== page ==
U.N. Human Rights Council fails to ratify changes to Goldstone Mission

While on April 3, 2009, the UNHRC president purported to give new terms of reference to Judge Richard Goldstone’s fact-finding mission, the ensuing council session in June failed to take up UN Watch’s challenge (below) to ratify the purported changes, thereby legally preserving intact the original one-sided mandate that pre-determined Israel’s guilt.

UN Watch speech to the UN Human Rights Council’s 11th session, June 15, 2009, Agenda Item 7 on the “Human rights situation in Palestine and other occupied Arab territories,” delivered by Abigail Chernick.

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Thank you, Mr. President.

Judge Goldstone is an honourable man. In agreeing to head this council’s fact-finding mission into the Gaza conflict, we know he had the best intentions.

Initially, we were surprised that he accepted this task. After all, the mandate created by this council, in Paragraph 13 of the January resolution, is entirely one-sided.

It examines actions by Israel, but not Hamas.  It presumes guilt in advance, determining Israel to be the aggressor, and the perpetrator of violations. As former High Commissioner Mary Robinson said, “unfortunately… I don’t think that’s a human rights approach.”

Mr. President, only in an upside down world is a fact-finding mission created after the facts-and the law-have both been determined in advance.

That is why the EU, Japan, Canada and Switzerland refused to support this mandate. And that is why Mary Robinson rejected the offer to head the mission.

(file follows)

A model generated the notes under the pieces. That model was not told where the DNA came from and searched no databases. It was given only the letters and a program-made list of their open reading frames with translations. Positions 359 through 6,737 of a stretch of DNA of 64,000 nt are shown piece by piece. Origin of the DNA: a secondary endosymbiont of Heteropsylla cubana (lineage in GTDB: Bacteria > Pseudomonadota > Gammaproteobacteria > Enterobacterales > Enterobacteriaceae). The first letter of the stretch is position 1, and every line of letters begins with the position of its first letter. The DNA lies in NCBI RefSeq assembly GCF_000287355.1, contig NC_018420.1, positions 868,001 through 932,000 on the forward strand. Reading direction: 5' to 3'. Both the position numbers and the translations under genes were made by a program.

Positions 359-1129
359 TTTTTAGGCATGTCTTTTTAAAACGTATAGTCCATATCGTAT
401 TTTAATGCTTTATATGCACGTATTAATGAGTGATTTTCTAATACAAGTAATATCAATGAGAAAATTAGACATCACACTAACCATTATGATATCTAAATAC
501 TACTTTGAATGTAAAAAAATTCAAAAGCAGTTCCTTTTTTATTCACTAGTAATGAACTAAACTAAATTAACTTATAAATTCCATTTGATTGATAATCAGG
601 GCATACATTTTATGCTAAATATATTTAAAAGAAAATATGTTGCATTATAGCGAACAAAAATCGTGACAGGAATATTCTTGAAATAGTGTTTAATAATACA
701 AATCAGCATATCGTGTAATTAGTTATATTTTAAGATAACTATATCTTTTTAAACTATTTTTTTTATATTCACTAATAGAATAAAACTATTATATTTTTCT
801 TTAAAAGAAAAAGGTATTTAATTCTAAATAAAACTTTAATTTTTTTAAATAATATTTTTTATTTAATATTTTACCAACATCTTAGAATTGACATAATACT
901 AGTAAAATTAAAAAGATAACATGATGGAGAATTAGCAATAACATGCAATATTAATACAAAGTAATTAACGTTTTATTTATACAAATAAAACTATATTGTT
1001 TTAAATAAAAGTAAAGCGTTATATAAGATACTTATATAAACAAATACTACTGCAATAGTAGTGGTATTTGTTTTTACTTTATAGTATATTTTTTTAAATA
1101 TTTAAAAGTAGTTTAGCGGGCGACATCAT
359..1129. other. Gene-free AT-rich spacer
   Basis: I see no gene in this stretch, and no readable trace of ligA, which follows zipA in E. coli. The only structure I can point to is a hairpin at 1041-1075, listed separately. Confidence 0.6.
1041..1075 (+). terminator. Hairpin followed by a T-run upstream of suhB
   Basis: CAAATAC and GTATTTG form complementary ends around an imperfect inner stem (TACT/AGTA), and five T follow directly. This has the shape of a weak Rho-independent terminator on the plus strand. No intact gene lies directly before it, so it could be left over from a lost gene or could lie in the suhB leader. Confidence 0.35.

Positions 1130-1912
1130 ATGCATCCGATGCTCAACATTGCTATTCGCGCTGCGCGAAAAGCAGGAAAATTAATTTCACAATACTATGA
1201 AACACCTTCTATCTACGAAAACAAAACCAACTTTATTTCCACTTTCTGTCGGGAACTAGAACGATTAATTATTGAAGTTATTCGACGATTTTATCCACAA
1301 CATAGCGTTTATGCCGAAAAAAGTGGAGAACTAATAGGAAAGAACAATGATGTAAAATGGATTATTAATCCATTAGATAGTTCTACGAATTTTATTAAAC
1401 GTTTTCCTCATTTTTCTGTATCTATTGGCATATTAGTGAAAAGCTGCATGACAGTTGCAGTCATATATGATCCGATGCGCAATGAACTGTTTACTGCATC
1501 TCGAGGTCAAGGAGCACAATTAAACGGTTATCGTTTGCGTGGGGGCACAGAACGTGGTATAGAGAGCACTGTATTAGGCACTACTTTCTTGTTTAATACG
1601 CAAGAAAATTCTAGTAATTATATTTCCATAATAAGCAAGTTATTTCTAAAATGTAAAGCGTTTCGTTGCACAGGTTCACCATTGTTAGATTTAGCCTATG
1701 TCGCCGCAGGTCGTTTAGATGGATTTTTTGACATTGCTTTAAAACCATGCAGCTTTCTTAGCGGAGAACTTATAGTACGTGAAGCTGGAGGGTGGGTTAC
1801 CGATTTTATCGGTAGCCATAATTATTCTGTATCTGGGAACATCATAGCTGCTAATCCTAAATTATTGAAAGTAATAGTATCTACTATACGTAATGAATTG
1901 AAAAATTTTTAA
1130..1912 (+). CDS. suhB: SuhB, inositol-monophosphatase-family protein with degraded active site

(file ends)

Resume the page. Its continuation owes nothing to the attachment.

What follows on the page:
Now, Judge Goldstone said he received additional terms in order to examine both sides.

But when did the council revise its mandate?  If it was revised, why does the annotated agenda of this session still quote the original, one-sided terms?

We need to know:  do the Council members that sponsored the January resolution approve of examining Hamas as well?

Judge Goldstone’s report will certainly include findings that the Palestinian government in Gaza committed war crimes against Israeli civilians, and also against their own civilians, by holding them hostage as human shields.

Judge Goldstone needs to know:  Do the representatives of Egypt and the Arab Group, of Pakistan and the Islamic Group, and of the Palestinians, agree today that they will accept his recommendations regarding Hamas crimes?

Mr. President, in 2006, when Professor Alston and three other rapporteurs dared to mention violations by Hezbollah, they were vilified here in the Council. The same happened to Jodi Williams in 2007 when she reported on Sudan.

Judge Goldstone deserves to know: Do the countries that sponsored the January resolution accept this purported change of mandate, or not?

Thank you, Mr. President.

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